CALEDON.
    I have never said that the invasion was legal, in fact i have never defended it. Respecting our claim, if you think that only our side makes too partial lectures about the historical and the legals aspects of this conflict, then you are the one who has serious problems with the acceptation of the truth. I have said in planty of opportunities in mercopress what both sides omit.

    Mar 06th, 2015 - 01:17 pm - Link - Report abuse 0
  • Artillero 601

    @20 & @ 22

    Yes and No . There were 4 , 155 mm deployed to the islands , 3 were used only ( very low in ammo , personnel and vehicles) True ! the range is 20 km “ with special ammunition only ” . GA3 & GA4 Field Artillery Units were deployed to the Islands ( both with 105 mm Otto Melara ) and the GADA 601 & 602 from Mar del Plata , antiaircraft units .

    The fucked up thing that both GA3 and GA4 were deployed without vehicles and counter battery radar so to move Artillery pieces by hand is a little complicated . GA3 run out of ammo couple of weeks before rendition and the 155 mm is a Field Artillery piece NOT design to shoot moving targets Mr Clyde ... just saying :-)

    Mar 06th, 2015 - 02:54 pm - Link - Report abuse 0
  • SebaSvtz

    @ 25

    Thanks Artillero601

    Mar 06th, 2015 - 03:35 pm - Link - Report abuse 0
  • Englander

    Huh, no, 25km range with special ammo, 20km was the norm.
    Just shows how brilliant those Brit soldiers were with their 17km range light guns.

    Mar 06th, 2015 - 03:41 pm - Link - Report abuse 0
  • Artillero 601

    @26 welcome !

    @27 No , I can pull the regs to show you . We were brilliant too ! according to Sandy Woodward in his book “ 100 days ”

    Mar 06th, 2015 - 04:14 pm - Link - Report abuse 0
  • Englander

    Don't hesitate! Do it. I am interested in your evidence based opinion.
    Sandy probably had his reasons but as for you, remember - “self praise is no recommendation”.
    You were heavily beaten less than 500 miles from your own homeland and still you boast how brilliant you were. God preserve us.

    Mar 06th, 2015 - 04:27 pm - Link - Report abuse 0
  • Artillero 601

    You are missing the point and there is nothing I can do to remove the hate that you have in you but allow me to say that the fucking SOFMA or CITER doesn't shoot more than 20 km !!!!!!!!!!!!!!!!!!!!!!!!!!!!!!!

    Mar 06th, 2015 - 04:33 pm - Link - Report abuse 0
  • Pugol-H

    @24 axel arg
    “a territory claimed by argentina”, - that’s better, for a moment there I thought you said “in an argentine territory”.

    Justice should be served in Argentina I agree, but is that going to happen.

    You have every right to defend your constitution and claim, as we will defend ours.

    @25 Artillero 601
    Saludos Hermano

    As the original statement was “more powerful artillery”, surely the question is what weight of shell it can deliver, rather than how far? :)

    Mar 06th, 2015 - 04:49 pm - Link - Report abuse 0
  • Englander

    So, no “regs” and no evidence.
    Instead some foul language and a spurious accusation about hate.
    I can almost see you stamping your little foot.

    Mar 06th, 2015 - 04:56 pm - Link - Report abuse 0
  • Artillero 601

    Foul language on the 155 mm , not on you sir ! Regs ? yes on a pdf format . Do you have an email ? or do I deliver in person ? Waterfront at 2 pm ? I buy ... lol

    Mar 06th, 2015 - 05:31 pm - Link - Report abuse 0
  • Artillero 602

    @31

    They had counter battery radar , what it means is when you shoot , your position is detected by the enemy right away . When is detected , you have to move , not having vehicles to move and the Artillery piece well buried in the mud , the only option was to “ disassemble” the whole thing by hand , pick it up and put it together somewhere else . Not having the appropriate range , forced them to move constantly , plus the Naval fire , air attacks , etc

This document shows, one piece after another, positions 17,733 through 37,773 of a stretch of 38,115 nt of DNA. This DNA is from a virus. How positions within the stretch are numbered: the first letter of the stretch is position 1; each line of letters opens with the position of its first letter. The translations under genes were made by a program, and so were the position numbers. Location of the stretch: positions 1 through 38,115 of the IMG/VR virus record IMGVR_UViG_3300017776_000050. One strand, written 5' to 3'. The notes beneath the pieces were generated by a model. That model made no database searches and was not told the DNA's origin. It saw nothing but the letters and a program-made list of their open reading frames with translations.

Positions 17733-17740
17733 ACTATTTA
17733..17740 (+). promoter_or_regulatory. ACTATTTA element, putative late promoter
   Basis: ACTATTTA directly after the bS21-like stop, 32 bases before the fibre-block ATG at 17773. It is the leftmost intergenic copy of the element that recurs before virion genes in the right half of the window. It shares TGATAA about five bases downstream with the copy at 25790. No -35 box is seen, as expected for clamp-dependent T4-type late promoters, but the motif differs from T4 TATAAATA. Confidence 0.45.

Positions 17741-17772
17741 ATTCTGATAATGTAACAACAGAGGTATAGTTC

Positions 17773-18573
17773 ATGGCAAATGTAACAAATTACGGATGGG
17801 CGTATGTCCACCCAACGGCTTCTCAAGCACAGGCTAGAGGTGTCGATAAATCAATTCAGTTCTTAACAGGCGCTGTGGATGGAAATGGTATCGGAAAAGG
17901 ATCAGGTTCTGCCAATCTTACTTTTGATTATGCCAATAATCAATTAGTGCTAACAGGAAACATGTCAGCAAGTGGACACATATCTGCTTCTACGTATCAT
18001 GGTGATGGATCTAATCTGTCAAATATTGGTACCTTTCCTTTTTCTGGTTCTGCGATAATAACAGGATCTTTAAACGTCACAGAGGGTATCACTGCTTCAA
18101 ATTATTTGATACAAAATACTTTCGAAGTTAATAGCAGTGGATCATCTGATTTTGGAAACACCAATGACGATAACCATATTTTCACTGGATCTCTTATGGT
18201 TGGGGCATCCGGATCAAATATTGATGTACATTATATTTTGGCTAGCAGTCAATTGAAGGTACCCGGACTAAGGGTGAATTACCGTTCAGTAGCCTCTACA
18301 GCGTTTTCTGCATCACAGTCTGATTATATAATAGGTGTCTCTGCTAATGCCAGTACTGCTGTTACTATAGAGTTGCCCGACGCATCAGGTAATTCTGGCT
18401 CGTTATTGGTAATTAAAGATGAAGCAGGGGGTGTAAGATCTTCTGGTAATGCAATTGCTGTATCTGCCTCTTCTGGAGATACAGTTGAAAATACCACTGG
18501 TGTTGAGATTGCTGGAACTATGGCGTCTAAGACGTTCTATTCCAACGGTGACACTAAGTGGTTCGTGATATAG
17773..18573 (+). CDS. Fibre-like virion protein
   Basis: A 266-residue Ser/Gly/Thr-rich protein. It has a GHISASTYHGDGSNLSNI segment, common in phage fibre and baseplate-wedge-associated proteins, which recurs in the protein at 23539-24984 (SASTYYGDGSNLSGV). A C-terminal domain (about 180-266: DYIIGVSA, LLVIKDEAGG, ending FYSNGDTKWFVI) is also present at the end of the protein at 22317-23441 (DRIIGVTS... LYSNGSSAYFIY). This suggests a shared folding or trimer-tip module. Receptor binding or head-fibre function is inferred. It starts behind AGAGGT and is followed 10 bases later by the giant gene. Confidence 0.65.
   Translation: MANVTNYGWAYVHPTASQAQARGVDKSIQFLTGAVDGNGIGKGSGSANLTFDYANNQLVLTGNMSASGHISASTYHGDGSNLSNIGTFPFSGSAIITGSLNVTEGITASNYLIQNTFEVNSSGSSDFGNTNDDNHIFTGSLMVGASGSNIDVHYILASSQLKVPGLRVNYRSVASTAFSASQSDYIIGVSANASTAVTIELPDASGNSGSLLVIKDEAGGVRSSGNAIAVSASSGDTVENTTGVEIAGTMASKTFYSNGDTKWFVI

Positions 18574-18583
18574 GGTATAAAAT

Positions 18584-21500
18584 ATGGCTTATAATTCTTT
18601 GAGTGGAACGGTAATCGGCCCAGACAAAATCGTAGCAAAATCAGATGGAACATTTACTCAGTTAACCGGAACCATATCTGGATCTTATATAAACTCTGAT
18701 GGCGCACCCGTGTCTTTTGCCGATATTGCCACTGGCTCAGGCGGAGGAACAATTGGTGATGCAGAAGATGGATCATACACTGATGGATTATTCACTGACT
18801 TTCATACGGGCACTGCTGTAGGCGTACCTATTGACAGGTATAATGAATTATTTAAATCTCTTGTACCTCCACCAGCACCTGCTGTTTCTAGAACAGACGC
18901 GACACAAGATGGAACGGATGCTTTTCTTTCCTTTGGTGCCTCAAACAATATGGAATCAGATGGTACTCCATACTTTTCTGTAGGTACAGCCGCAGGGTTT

Mar 06th, 2015 - 05:49 pm - Link - Report abuse 0
  • ChrisR

    @ 16 Englander

    The argies had their FN FAL's but the majority were full auto. If you have ever shot one you know one thing about them: after the first shot you can't hit a fucking thing that you are aiming at. All they do is burn their ammunition as the yanks found out in Vietnam with their Colt full auto's IN 5.56 mm ~ 55,000 rounds per confirmed kill.

    @ 21 SebaSvtz

    I know you are a reasonable man for those who post on here from TDC, BUT you must remember I am a Brit and Argentina killed many of our people for nothing other than winding up the citizens to avoid dealing with the problems.

    You are wrong about the Senior Officers: they wanted to finish the threat once and for all and could have done it without major difficulty given the supply lines were re-established. We should have bombed and strafed your country as you did with the Falklands only stopping when you were at the level of the dark ages and of no threat to the UK or other SA countries for many, many years to come.

    You do realise that the Junta were preparing to invade Chile, don't you?

    And where are we know? Putrid-Jelly confirmed that if it were not for the Falklands armed forces TDC would have taken 'them back' though they were never yours in the first place. Timmerturd is constantly telling anybody who will listen to his lies a complete fairy-tale, the truth doesn't even come anywhere in it.

    The peaceful people of the Falklands have to put up with all this nonsense and I have no doubt some of them, especially those who were terrorised by your cowardly surprise attack and lived in fear of their lives, are reliving their experiences when they learn of Chinese fighter jets and all the other warmongering YOUR country still gets up to.

    So, a bit of advice: get REAL with the situation and if you don't like my posts DON'T READ THEM!

    None of this would have come about if The Blessed Margaret and The General Staff had have ignored Reagan.

    Mar 06th, 2015 - 05:56 pm - Link - Report abuse 0
  • Artillero 601

    @35

    “You do realise that the Junta were preparing to invade Chile, don't you?”

    In 1978 due to the “ Beagle ” dispute ”

    Mar 06th, 2015 - 06:07 pm - Link - Report abuse 0
  • Pugol-H

    @34 Artillero 602
    OK understood, but this goes to the effectiveness of the pieces.